defend his religion, and answer the objections he hears made against it, may sometimes see cause to decline that office. Sceptical and profane men are extremely apt to bring up this subject at meetings of entertainment, and such as are of the freer sort: innocent ones, I mean, otherwise I should not suppose you would be present at them. Now religion is by far too serious a matter to be the hackney subject upon these occasions. And by preventing its being made so, you will better secure the reverence which is due to it, than by entering into its defence. Every one observes, that men's having examples of vice often before their eyes, familiarizes it to the mind, and has a tendency to take off that just abhorrence of it which the innocent at first felt, even though it should not alter their judgment of vice, or make them really believe it to be less evil or dangerous. In like manner, the hearing religion often disputed about in light familiar conversation, has a tendency to lessen that sacred regard to it, which a good man would endeavor always to keep up, both in himself and others. But this is not all: people are too apt, inconsiderately, to take for granted, that things are really questionable, because they hear them often disputed. This, indeed, is so far from being a consequence, that we know demonstrated truths have been disputed, and even matters of fact, the objects of our senses. But were it a consequence, were the evidence of religion no more than doubtful, then it ought not to be concluded false any more than true, nor denied any more than affirined; for suspense would be the reasonable state of mind with regard to it. And then it ought in all reason, considering its infinite importance, to have nearly the same influence upon practice, as if it were thoroughly believed. For would it not be madness for a man to forsake a safe road, and prefer to it one in which he acknowledges there is an even chance he should lose his life, though there were an even chance likewise of his getting safe through it? Yet there are people absurd enough to take the supposed doubtfulness of religion for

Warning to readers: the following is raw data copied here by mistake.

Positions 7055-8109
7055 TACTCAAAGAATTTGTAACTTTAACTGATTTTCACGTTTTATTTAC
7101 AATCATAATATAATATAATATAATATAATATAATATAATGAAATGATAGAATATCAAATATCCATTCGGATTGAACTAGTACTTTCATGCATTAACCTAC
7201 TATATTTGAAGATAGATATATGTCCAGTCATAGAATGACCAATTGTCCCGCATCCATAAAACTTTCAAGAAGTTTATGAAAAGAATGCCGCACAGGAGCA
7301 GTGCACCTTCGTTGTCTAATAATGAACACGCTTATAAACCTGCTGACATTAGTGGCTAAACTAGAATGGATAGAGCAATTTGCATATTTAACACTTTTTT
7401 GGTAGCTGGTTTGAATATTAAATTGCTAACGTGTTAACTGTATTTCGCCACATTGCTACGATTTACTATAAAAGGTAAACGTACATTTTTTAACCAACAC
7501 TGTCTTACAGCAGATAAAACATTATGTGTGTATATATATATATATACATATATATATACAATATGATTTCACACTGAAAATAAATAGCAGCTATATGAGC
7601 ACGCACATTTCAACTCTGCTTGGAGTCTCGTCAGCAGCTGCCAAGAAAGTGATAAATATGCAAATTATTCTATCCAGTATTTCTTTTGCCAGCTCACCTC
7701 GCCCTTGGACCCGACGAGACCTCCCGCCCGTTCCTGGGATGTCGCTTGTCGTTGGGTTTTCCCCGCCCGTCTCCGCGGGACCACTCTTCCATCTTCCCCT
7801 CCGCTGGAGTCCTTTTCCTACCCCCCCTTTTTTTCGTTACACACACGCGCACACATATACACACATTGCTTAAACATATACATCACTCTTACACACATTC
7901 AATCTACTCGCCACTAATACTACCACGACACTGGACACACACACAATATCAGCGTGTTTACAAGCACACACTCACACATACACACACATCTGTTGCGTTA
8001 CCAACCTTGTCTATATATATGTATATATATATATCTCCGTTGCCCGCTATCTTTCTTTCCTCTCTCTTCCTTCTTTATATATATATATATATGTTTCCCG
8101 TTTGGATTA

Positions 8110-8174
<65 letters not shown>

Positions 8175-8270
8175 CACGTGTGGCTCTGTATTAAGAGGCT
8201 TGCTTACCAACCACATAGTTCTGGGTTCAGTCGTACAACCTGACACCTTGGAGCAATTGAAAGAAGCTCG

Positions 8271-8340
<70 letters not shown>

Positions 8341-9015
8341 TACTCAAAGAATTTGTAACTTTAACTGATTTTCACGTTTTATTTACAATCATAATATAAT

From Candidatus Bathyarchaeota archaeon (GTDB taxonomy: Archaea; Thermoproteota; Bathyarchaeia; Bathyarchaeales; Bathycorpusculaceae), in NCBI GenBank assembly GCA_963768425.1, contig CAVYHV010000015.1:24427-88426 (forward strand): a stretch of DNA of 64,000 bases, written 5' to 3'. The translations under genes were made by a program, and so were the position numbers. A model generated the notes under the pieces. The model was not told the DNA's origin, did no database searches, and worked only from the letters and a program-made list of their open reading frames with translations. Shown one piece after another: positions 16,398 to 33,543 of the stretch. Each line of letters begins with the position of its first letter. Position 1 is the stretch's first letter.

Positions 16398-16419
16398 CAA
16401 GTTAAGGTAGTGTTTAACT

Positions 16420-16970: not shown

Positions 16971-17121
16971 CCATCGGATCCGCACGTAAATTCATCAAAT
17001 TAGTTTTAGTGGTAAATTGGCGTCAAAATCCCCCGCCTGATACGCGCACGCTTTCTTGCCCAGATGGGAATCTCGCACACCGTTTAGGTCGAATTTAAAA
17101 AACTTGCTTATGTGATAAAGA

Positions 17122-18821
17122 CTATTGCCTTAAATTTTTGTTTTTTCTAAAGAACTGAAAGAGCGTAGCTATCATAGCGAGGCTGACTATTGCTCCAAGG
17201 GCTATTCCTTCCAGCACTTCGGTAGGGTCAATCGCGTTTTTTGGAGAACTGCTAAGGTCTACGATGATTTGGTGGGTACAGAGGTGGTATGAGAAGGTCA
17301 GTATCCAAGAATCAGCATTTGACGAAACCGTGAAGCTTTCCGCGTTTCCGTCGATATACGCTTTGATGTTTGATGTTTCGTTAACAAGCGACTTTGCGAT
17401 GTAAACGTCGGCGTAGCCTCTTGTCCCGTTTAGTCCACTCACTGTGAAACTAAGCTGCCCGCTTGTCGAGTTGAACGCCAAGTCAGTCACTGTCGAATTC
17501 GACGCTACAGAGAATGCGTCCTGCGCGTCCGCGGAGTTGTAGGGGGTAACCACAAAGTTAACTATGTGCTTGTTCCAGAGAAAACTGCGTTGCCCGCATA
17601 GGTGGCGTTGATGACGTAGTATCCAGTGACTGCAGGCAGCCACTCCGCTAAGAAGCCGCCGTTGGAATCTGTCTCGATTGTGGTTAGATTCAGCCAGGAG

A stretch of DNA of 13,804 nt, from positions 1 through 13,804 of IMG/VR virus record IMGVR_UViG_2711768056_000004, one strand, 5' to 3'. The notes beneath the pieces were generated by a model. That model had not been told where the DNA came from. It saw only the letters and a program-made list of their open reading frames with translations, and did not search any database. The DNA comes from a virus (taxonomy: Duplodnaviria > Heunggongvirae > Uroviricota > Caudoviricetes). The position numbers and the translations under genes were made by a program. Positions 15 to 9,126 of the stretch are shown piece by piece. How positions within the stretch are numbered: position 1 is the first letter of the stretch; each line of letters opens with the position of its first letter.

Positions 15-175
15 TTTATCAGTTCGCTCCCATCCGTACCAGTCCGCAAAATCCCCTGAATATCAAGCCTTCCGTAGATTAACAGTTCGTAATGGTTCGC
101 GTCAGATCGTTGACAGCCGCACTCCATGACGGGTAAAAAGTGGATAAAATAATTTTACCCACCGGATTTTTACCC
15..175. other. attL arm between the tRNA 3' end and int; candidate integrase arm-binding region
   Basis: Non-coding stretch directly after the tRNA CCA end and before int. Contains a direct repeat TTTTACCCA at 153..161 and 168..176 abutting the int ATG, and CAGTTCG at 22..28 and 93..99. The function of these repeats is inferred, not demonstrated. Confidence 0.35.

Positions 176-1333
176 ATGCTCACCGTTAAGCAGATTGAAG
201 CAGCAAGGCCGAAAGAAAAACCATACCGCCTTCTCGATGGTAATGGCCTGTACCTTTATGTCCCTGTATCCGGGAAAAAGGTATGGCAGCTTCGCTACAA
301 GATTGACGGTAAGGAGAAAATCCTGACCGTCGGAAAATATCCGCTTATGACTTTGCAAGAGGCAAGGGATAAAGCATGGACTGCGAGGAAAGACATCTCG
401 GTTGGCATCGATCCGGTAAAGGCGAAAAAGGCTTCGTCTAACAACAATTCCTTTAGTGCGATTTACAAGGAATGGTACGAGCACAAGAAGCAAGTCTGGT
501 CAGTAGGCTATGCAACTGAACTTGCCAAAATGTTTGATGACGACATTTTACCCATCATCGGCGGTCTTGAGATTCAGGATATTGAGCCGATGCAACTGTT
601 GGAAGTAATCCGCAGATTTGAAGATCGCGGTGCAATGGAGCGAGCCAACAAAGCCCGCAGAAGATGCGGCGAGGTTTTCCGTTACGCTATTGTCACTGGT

the same thing as a proof of its falsehood, after they have concluded it doubtful from hearing it often called in question. This shows how infinitely unreasonable sceptical men are, with regard to religion; and that they really lay aside their reason upon this subject, as much as the most extravagant enthusiasts. But, further, cavilling and objecting upon any subject, is much easier than clearing up difficulties; and this last part will always be put upon the defenders of religion. Now, a man may be fully convinced of the truth of a matter, and upon the strongest reasons, and yet not be able to answer all the difficulties which may be raised upon it.